Frontispiece and title page of Harris’s List of Covent Garden LadiesFrontispiece and title page of Harris’s List of Covent Garden Ladies, London: printed for H. Ranger, 1773 Public Domain Creative Commons Licence


It was doing so well that, by 1791, a rival Harris’s List had appeared.  An indignant but anonymous newspaper notice was printed, claiming the rival edition was 'a compilation of falsehood and imposition' and urging discerning readers to keep their eye out for the so-called authentic version of the directory.  No copies of this 1791 rival Harris’s List survive today.  In fact, the only extant edition of this rival publication was, until recently, thought to be the one from 1794 – suggesting that it ran for at least four years.

However, we have recently acquired a copy of the rival Harris’s List from 1793.  It was printed for John Sudbury in Southwark rather than the pseudonymous ‘H. Ranger’ who occupies the imprint in the official Lists.   John Sudbury was a bookseller and occasional publisher who was active between 1786 and 1795, dealing in cheap bawdy material.

Title page of Harris’s List of Covent Garden Ladies, LondonTitle page of Harris’s List of Covent Garden Ladies, London: printed for J. S. [John Sudbury], 1793 Public Domain Creative Commons Licence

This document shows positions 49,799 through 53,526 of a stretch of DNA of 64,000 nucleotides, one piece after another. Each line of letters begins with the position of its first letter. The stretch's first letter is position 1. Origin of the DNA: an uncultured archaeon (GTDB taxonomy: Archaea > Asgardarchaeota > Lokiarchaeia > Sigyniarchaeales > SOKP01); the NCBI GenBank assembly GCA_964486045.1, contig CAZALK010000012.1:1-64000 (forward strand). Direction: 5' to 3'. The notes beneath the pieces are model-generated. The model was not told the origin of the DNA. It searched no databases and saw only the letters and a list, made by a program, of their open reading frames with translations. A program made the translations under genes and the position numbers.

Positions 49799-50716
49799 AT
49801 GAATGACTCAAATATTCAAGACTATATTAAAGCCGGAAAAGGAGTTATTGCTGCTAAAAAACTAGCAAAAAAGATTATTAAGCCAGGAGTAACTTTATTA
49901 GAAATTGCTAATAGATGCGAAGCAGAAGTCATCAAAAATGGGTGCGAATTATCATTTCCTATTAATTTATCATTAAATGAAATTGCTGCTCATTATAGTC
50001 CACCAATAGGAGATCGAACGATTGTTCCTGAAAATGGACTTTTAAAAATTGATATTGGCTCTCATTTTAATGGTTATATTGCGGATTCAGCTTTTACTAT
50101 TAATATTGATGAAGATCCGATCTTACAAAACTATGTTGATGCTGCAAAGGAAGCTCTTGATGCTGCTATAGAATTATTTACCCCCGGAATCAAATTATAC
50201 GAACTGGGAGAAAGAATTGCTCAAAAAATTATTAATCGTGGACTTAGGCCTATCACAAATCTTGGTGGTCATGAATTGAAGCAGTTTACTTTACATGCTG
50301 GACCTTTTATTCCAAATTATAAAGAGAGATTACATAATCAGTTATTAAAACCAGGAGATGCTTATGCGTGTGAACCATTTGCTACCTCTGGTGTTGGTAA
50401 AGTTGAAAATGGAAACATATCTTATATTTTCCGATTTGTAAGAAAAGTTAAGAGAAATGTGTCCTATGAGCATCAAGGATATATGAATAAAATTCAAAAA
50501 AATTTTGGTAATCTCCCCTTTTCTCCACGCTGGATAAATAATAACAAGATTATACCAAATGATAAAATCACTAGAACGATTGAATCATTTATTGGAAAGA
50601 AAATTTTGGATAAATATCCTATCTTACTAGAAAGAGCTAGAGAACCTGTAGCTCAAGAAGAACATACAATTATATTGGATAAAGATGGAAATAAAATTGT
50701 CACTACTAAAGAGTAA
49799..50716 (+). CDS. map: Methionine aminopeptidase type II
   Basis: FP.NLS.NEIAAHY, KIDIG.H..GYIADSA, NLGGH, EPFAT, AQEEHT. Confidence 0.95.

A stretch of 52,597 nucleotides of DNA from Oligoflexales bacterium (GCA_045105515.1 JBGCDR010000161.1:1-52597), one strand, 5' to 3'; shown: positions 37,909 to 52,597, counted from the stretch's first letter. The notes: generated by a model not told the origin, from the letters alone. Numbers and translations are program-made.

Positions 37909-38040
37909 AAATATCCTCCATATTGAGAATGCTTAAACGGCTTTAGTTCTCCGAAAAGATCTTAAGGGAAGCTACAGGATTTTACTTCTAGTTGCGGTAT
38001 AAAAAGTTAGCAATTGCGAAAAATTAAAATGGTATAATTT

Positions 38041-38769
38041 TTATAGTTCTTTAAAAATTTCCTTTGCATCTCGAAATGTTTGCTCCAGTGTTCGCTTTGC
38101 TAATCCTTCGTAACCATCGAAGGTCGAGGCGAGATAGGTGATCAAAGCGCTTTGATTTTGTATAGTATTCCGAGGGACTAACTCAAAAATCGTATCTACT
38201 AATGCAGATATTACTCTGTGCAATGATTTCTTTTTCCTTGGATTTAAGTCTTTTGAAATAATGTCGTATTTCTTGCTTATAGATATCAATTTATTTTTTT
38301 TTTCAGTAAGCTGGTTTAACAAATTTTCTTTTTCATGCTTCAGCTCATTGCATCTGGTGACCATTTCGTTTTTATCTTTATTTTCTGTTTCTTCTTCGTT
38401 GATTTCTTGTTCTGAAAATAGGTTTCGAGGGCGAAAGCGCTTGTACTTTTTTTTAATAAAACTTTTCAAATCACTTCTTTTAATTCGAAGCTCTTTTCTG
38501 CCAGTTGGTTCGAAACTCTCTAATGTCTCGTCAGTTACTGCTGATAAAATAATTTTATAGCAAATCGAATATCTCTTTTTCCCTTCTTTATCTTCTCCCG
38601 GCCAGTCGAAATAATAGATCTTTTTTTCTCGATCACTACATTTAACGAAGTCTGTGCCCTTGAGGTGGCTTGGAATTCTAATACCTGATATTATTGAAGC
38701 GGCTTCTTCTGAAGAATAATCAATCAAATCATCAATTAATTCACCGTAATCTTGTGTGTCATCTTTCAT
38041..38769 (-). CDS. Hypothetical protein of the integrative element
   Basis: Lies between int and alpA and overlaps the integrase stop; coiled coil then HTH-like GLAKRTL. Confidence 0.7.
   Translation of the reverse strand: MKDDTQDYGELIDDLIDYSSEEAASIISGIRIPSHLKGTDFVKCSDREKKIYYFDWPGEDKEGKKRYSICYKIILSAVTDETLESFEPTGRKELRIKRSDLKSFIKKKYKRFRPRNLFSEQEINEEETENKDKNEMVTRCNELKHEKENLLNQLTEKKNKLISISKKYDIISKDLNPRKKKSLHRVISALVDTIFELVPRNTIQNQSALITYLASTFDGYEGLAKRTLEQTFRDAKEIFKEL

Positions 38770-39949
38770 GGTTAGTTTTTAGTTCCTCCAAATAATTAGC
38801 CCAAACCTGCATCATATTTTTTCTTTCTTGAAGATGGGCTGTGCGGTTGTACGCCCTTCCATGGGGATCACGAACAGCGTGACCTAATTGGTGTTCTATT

Even though it has the same title, this edition describes different sex workers to those featured in the official Harris’s List for 1793.  However, the descriptions are similar in that the line between authenticity and titillation is somewhat blurred in both editions, probably containing only kernels of truth.  In the rival Harris’s List, Miss Patty S—n—rs, for example, is described as the daughter of a bricklayer’s labourer and was one of 'numerous offspring'.  She worked in 'Lissen-green, near Paddington'.  Miss Betty Fr-el, is said to have lost both her parents and, as her stepfather would not support her, joined a 'Strolling Company' and became an actress.  The 'principal hero got the better of her chastity' and, in the words of the List, she 'was soon initiated into the misteries of the Cyprian Deity'.  Another woman, Mrs Stam-er at No.7, Charles-court, Strand, is a widow and nearly forty years old. Having said that, however, she still had 'very fine teeth'.